# What are spin-coherent states?

Trying to understand the paper; https://arxiv.org/pdf/1702.02577.pdf and ran into "spin-coherent" states. I wonder those are.

In a spin system, with states labeled by the eigenvalue of the total angular momentum operator $$\mathbf{J}^2$$ and the z-projection of the angular momentum operator $$J_z$$, $$\mathbf{J}^2||J,m\rangle=J(J+1)||J,m\rangle\quad J_z ||J,m\rangle=m||J,m\rangle,$$ the spin-coherent states can be written as $$|\theta,\phi\rangle=e^{i\theta J_z}e^{i\phi J_y}||J,J\rangle=\sum_{m=-J}^J \sqrt{\binom{2J}{J+m}}\sin^{S-m}\frac{\theta}{2}\cos^{S+m}\frac{\theta}{2}e^{-i\phi(S+m)}||J,m\rangle.$$ There are many other equivalent ways to write these states, and one can define the angles differently by choosing to start from $$||J,-J\rangle$$ instead of $$||J,J\rangle$$ but this is a great place to start. The angles $$\theta$$ and $$\phi$$ correspond to angular coordinates on the surface of a sphere and so these spin-coherent states generalize pure single-qubit states on the Bloch sphere.
We can also consider these states to be two-mode bosonic states using the Schwinger mapping. This lets us write the basis elements as $$||J,m\rangle=|n_1\rangle\otimes|n_2\rangle,$$ where we have two bosonic modes $$|n_1\rangle\otimes |n_2\rangle=\frac{a^{\dagger\,n_1}}{\sqrt{n_1!}} \frac{b^{\dagger\,n_2}}{\sqrt{n_2!}}|\mathrm{vacuum}\rangle,$$ $$n_1=J+m$$, and $$n_2=J-m$$. This means that they can be physically generated from sending a state of the form $$|N\rangle\otimes|0\rangle$$ through a beam splitter.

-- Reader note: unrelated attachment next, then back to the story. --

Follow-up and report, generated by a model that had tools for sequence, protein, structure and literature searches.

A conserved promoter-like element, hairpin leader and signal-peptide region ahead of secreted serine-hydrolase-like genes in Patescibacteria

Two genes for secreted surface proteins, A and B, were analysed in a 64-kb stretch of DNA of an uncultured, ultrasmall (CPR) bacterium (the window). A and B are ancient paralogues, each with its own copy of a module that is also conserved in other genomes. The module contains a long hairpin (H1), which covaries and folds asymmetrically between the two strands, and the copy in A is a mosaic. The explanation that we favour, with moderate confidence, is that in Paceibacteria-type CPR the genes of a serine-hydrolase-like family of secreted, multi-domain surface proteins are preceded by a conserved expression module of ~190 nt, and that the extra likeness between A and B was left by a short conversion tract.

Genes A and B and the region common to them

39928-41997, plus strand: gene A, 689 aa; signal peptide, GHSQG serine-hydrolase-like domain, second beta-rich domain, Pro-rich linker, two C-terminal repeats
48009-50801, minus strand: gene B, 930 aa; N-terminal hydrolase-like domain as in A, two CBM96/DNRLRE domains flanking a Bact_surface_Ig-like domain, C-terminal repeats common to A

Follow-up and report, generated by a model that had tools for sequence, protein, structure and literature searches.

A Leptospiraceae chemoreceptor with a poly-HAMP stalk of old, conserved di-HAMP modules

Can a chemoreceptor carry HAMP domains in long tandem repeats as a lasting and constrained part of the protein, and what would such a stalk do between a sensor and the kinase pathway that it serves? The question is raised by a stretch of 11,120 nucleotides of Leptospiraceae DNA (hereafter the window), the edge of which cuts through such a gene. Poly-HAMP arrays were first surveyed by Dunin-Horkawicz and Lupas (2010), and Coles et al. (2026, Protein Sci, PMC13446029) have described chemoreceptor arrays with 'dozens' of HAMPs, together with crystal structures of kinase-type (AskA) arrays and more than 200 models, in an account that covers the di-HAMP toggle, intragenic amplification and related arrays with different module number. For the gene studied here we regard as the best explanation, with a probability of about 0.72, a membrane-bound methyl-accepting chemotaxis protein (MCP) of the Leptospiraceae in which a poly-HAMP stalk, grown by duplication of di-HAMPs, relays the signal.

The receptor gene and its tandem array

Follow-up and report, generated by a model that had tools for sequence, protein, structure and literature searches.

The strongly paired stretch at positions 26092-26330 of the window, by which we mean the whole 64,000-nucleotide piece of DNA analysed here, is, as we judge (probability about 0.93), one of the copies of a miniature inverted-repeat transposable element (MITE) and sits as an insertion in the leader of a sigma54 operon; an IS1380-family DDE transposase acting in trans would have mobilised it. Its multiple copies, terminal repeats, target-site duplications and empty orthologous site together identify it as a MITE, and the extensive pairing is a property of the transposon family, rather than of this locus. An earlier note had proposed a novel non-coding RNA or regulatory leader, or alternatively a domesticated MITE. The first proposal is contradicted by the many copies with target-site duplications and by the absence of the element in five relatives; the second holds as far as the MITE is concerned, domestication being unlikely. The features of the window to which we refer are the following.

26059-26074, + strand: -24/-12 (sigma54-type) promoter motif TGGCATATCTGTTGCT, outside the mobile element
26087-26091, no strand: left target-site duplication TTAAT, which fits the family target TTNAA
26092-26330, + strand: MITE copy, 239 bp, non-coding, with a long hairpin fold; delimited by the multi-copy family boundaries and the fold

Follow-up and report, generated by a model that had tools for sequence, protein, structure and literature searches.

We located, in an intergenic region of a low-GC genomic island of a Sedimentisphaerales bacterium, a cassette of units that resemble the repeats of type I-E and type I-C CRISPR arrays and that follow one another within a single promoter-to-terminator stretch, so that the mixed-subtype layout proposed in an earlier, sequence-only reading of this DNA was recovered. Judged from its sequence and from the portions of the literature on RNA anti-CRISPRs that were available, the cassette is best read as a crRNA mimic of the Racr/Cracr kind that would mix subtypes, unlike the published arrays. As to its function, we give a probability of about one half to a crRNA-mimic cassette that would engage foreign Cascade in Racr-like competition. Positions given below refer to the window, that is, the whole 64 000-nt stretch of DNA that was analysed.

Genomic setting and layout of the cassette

Edit: you might also see these states in the context of symmetric superpositions of $$N$$ qubits. Then, the state $$|n_1\rangle\otimes |n_2\rangle$$ implies that, for example, $$n_1$$ of the qubits are in the spin-up state and the other $$n_2=N-n_1$$ qubits are in the spin-down state. The symmetric superposition, in this Fock basis, implies that we cannot ascertain which of the qubits are actually in which state. For example, we could write the second-quantized state $$|1\rangle\otimes|2\rangle$$ in the first-quantized form: $$|1\rangle_{\uparrow}\otimes|2\rangle_\downarrow=\frac{|\uparrow\rangle\otimes|\downarrow\rangle\otimes|\downarrow\rangle+|\downarrow\rangle\otimes|\uparrow\rangle\otimes|\downarrow\rangle+|\downarrow\rangle\otimes|\downarrow\rangle\otimes|\uparrow\rangle}{\sqrt{3}}.$$